School Choice: Most Parents Would Rather Not Choose, Study Finds
WASHINGTON (AP) _ Most American parents would rather see improvements to their neighborhood public schools than choose another for their children to attend, says a new report.
The study, released over the weekend by the Carnegie Foundation for the Advancement of Teaching, examines the idea of school choice, a concept favored by both President Bush and Bill Clinton as it applies to public schools.
Bush would go further and provide government financial assistance for parents who want to send their children to private schools.
The study does not take a position on whether school choice is good or bad, nor does it support or oppose a particular political position.
However, it makes a number of recommendation for how choice programs could be made to work for jurisdictions who wish to use them.
The bulk of parents - 70 percent - say they wouldn’t transfer their children to another school if given a choice, and 82 percent say the best way to improve public education is to strengthen every school, instead of encouraging competition between a select few, the study found.
″What it does suggest is that the push for school choice appears to be coming more from theoreticians and politicians than from parents,″ the study said.
Thirteen state legislatures have adopted choice plans, and 21 others have considered them, the study said. Minnesota instituted the first program in 1987; laws offering choice are scheduled to take effect in Michigan and Ohio next year.
The foundation’s report was based on interviews, visits to school districts, and surveys of more than 1,000 parents in six states with choice programs: Arkansas, Iowa, Massachusetts, Minnesota, Nebraska and Washington.
It found that, in states with school choice, only 2 percent of parents participate, and most do so for non-academic reasons, such as safety concerns or smaller class sizes. By a 2-to-1 margin, parents opposed vouchers for private school.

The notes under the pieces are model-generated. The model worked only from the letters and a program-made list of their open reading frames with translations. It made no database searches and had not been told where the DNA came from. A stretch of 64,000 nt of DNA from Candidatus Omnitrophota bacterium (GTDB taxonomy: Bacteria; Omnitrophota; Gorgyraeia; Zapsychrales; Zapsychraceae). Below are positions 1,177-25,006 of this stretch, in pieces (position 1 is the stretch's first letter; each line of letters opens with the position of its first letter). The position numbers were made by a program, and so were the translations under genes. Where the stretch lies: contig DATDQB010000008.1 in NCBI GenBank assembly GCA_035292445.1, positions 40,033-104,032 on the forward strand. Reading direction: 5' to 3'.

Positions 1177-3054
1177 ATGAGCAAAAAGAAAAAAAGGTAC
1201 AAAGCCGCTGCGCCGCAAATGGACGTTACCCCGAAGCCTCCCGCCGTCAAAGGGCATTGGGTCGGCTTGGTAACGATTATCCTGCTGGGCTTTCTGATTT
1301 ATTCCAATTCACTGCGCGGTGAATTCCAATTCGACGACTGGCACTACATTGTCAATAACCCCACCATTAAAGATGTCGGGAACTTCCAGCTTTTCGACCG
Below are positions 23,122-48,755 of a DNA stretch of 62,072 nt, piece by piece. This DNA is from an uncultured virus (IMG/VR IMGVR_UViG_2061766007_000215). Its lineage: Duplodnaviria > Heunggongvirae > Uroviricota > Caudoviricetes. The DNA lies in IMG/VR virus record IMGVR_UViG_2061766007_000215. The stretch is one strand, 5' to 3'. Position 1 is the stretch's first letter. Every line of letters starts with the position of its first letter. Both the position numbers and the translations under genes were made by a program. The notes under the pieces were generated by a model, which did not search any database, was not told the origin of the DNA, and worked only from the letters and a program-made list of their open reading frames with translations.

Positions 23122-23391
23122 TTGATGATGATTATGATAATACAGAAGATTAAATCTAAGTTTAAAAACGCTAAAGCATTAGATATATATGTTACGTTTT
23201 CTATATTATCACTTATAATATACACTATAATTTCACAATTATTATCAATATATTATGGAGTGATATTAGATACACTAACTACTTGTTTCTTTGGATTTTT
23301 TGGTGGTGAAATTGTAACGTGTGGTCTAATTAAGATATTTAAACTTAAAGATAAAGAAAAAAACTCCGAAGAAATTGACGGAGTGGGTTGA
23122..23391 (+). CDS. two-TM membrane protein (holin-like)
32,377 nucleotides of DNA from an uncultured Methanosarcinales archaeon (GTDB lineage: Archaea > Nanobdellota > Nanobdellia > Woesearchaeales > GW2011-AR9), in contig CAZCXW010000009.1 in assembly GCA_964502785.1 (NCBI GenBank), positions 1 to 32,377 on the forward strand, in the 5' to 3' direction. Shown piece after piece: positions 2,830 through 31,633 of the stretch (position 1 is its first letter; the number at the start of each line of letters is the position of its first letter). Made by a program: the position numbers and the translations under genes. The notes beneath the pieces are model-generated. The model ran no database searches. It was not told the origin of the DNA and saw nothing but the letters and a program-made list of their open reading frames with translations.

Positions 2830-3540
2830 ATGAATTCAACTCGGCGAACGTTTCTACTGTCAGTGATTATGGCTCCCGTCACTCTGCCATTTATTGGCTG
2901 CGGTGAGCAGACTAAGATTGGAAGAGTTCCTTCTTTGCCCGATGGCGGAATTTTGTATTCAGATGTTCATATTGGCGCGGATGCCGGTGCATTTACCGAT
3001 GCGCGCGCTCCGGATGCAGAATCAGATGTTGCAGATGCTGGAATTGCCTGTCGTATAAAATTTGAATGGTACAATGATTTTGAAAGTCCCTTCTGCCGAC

The study compared district-wide and statewide choice programs and one private school choice program. It discounted choice as a key means of improving public education, and recommended creating ″a national strategy for renewal that affirms the neighborhood school tradition.
The study also said:
-Choice works better for the most economically and educationally advantaged families.
-Student achievement and school renewal efforts are largely unaffected by private school choice.
-Statewide choice programs widen the gap between rich and poor districts.
Educators expect Bush to push vigorously for his choice plan if he is re- elected.
″It’s a high priority for the conservative wing of the (Republican) party,″ said Willis Hawley, director of Vanderbilt University’s Center for Education and Development Policy.
The Bush administration put a positive spin on the Carnegie results, citing as ″astonishing″ the 28 percent of parents who would like to send their children to other schools, public or private.
″More astonishing is Carnegie’s view that this is only mild support for giving these families more choices of schools,″ said Education Secretary Lamar Alexander. ″Would the Berlin Wall still be a good idea if only 28 percent of East Germans wanted out?″
Many education leaders expect the Bush administration to shift its choice efforts to the state level, citing administration involvement in the choice debate in California and in Colorado, where voters will decide a statewide choice referendum next month.
″This is an administration that says the best decision is made at the state level,″ said Arthur Fege, director of governmental relations for the National Parent-Teacher Association.